Critical-illness insurance, too, could dovetail nicely with your primary disability coverage. Its main attraction: You can collect even if you return to work, because benefits are triggered strictly by the diagnosis of certain conditions, such as cancer, heart attack, renal failure, stroke—even Alzheimer's disease.2

"This is an excellent supplement for all physicians, but especially for high earners and those who live in California or Florida, where insurers are capping the monthly disability benefit at $10,000," says James P. Fleming of Fleming Associates, an insurance agency in Walnut Creek, CA. He recommends Mutual of Omaha's policy, because it doesn't impose a waiting period. With some other policies you must survive 30 days or longer after receiving a diagnosis before benefits kick in.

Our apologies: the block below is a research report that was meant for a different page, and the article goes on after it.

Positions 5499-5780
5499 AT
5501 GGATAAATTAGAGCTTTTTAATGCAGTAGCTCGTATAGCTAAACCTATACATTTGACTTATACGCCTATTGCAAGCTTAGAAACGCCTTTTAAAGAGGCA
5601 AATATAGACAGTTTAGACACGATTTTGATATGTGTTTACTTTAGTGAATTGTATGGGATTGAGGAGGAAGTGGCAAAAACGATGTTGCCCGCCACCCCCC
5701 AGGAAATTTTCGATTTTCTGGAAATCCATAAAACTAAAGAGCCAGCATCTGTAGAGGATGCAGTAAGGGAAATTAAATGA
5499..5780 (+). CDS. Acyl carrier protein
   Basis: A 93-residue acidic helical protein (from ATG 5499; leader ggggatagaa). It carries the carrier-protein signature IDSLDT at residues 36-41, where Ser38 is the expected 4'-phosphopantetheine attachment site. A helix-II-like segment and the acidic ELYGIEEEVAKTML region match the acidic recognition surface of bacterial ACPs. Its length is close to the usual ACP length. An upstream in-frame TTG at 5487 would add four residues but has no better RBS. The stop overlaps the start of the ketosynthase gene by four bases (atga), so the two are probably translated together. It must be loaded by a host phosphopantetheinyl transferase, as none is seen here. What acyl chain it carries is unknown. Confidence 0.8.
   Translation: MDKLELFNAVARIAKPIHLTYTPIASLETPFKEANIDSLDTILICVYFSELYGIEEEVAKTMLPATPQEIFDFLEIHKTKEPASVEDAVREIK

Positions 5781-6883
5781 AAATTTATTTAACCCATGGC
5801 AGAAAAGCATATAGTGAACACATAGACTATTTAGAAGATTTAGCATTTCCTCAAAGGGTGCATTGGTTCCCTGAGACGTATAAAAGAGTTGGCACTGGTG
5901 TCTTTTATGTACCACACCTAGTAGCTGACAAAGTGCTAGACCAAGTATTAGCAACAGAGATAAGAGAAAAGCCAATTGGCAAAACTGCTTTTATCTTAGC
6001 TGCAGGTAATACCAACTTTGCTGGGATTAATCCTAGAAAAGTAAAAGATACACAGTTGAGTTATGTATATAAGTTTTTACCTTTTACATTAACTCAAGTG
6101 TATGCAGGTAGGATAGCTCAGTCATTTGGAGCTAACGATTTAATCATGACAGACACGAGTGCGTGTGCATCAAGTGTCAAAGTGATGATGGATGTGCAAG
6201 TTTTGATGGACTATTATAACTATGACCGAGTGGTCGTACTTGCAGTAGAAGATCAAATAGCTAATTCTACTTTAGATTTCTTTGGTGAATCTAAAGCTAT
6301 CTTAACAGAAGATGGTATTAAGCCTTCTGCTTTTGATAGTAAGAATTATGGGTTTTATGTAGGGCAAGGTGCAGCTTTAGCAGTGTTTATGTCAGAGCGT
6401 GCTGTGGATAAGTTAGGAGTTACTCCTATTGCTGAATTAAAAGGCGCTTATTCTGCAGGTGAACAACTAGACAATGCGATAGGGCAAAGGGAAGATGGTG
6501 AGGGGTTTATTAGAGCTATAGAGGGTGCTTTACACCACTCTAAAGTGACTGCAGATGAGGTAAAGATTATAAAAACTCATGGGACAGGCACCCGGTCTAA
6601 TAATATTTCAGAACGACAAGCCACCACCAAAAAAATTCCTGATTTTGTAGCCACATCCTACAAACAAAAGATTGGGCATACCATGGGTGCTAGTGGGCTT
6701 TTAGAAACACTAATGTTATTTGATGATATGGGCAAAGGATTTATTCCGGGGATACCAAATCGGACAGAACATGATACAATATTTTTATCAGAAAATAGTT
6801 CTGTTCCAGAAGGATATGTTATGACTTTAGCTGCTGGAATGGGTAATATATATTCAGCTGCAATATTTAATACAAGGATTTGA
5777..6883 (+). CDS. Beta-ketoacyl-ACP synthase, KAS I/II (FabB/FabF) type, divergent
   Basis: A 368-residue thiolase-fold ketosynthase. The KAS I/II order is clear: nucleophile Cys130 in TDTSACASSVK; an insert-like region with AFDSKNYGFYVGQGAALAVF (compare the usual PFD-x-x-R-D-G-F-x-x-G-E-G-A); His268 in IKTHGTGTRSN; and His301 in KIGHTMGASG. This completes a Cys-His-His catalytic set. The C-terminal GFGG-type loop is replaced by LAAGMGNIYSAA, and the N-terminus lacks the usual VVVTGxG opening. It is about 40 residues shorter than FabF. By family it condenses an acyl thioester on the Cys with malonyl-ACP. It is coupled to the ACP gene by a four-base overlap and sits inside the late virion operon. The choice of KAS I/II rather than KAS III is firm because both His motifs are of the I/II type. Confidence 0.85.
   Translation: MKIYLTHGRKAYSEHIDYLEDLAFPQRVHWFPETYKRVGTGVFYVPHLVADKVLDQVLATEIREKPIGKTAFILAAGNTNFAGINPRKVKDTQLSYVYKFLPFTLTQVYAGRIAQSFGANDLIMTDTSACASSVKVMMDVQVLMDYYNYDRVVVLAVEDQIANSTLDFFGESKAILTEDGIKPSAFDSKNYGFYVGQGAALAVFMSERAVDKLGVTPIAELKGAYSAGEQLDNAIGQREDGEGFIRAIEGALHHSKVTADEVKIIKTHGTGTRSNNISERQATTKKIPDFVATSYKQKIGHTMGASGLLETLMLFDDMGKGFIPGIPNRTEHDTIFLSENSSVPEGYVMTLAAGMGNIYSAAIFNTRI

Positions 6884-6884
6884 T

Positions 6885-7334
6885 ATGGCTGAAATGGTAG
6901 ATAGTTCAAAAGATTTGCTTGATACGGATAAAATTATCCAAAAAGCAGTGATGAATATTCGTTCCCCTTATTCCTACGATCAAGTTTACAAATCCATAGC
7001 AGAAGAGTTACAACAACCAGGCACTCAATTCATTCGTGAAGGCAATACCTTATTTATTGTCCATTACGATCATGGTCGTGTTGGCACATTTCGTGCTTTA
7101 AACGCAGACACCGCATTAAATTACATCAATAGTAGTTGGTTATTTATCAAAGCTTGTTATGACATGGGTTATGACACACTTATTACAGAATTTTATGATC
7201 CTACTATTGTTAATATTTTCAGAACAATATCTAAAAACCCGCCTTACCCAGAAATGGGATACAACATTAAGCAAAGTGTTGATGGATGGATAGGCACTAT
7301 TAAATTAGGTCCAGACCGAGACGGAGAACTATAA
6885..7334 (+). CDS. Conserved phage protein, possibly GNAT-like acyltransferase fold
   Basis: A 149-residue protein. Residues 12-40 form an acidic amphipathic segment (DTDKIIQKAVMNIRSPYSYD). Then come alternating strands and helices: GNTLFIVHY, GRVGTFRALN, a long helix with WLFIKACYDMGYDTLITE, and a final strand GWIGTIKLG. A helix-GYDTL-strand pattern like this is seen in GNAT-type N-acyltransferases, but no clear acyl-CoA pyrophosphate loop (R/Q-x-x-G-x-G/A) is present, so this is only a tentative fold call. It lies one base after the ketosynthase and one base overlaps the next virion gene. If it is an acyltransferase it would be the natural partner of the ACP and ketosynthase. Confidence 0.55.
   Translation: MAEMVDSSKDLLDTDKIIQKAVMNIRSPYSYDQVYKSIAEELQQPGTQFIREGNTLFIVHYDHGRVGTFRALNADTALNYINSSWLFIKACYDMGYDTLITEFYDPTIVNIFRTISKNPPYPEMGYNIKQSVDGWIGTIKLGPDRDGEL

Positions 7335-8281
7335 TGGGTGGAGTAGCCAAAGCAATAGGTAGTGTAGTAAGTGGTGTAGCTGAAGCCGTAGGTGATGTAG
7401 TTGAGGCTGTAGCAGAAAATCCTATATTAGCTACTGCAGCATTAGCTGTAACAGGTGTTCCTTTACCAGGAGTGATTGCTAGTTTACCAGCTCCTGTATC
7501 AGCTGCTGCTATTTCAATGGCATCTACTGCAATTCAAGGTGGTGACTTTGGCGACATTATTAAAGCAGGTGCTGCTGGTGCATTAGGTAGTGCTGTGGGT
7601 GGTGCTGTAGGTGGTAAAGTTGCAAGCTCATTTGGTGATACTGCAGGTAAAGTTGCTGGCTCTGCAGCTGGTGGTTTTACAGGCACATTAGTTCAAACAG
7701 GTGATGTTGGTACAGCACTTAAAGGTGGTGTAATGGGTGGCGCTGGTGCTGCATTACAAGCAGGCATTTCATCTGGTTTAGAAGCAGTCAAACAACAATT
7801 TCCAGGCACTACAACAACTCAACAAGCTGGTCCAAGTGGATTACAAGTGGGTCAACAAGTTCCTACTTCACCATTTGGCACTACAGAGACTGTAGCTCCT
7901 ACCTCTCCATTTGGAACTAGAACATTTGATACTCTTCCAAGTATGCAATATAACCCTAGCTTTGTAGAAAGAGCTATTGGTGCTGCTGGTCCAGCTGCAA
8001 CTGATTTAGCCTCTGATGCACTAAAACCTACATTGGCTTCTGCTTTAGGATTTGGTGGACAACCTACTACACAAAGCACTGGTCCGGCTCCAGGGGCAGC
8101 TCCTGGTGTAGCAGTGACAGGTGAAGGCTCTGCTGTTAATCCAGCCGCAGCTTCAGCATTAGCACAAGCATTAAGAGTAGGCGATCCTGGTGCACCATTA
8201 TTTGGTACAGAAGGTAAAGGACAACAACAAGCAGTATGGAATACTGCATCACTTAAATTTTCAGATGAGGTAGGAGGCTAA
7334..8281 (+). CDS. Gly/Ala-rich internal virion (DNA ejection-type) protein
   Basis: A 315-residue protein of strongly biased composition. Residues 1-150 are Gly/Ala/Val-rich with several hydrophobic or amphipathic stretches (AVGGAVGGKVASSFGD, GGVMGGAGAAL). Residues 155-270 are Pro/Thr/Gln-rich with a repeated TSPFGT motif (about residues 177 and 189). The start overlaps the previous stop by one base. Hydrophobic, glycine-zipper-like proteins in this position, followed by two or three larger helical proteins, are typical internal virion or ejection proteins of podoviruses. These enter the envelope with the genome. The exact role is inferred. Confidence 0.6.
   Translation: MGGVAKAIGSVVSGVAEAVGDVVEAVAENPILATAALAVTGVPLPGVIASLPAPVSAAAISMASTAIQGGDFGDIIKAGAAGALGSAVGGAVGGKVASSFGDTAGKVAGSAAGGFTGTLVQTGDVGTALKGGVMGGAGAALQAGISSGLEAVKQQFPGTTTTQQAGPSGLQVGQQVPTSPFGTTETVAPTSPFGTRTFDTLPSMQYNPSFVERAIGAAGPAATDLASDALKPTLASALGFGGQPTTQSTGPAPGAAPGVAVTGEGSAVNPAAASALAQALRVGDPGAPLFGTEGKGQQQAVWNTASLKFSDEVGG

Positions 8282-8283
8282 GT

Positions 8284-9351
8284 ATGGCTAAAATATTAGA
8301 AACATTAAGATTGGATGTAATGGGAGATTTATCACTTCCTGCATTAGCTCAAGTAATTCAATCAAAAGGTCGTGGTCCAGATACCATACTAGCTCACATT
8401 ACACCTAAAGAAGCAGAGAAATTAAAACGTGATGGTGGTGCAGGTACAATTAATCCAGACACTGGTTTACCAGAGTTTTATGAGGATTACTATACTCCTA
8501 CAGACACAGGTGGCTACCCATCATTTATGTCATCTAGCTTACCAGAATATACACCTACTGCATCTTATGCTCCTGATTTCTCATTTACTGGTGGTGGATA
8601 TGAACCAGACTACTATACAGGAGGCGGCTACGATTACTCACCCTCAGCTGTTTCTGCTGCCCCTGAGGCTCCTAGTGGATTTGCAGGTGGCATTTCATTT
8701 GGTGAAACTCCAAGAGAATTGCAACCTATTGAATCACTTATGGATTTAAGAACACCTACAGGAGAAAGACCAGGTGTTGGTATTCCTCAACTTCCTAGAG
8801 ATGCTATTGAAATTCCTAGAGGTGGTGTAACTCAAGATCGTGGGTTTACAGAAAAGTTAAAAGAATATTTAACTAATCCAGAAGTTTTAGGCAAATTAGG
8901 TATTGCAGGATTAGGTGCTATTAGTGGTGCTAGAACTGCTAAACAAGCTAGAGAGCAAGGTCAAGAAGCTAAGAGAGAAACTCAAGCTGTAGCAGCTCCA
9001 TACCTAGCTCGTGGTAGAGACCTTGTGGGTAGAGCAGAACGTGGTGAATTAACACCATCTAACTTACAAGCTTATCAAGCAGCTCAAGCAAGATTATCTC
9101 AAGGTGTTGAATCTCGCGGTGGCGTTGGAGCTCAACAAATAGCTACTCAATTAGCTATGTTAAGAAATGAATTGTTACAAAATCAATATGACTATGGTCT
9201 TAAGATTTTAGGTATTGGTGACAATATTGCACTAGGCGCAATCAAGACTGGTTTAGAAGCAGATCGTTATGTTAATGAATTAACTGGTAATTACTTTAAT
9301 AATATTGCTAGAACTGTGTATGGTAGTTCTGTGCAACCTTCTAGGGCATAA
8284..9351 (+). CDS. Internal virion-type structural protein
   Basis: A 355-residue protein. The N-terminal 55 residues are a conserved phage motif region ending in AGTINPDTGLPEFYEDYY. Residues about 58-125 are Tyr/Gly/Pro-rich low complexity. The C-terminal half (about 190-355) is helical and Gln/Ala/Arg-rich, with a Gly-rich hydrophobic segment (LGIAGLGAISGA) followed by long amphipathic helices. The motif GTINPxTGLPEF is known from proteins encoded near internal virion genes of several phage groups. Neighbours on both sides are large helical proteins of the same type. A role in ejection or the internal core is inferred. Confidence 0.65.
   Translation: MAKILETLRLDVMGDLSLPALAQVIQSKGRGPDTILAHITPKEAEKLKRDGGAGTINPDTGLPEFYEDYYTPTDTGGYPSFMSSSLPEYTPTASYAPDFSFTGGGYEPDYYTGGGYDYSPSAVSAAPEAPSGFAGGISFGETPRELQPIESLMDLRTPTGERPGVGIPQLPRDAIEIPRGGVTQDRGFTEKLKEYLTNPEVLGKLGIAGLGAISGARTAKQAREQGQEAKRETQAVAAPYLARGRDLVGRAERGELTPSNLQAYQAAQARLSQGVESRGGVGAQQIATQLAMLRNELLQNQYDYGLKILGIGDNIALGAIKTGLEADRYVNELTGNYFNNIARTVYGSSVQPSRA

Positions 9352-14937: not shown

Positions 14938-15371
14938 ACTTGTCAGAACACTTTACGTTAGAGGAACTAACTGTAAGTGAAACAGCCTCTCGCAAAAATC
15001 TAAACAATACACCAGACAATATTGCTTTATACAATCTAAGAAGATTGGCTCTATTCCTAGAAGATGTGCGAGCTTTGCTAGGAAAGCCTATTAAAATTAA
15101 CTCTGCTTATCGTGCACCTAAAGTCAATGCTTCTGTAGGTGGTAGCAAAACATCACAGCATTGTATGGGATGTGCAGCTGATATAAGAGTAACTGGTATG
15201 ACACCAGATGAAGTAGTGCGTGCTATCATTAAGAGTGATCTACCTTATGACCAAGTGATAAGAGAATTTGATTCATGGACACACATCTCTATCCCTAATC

Unlike disability benefits, which are distributed monthly, the proceeds from a critical-illness policy are paid in a lump sum. A 40-year-old man can expect to pay around $900 a year for a $100,000 benefit.

Critical-illness coverage is available to nonworking spouses, too. "A lot of physicians' wives or husbands stay at home to care for the kids," Fleming states. "These spouses don't have an income, but if they ever become disabled, the family's finances could suffer."

It's also possible to tack disability coverage onto your life insurance, with a "waiver of premium" option. This benefit, which kicks in about six months after you purchase the life coverage, will pay your premiums for the duration of the policy if you can no longer work. Fleming recalls a case where it paid off big-time, on a whole life policy.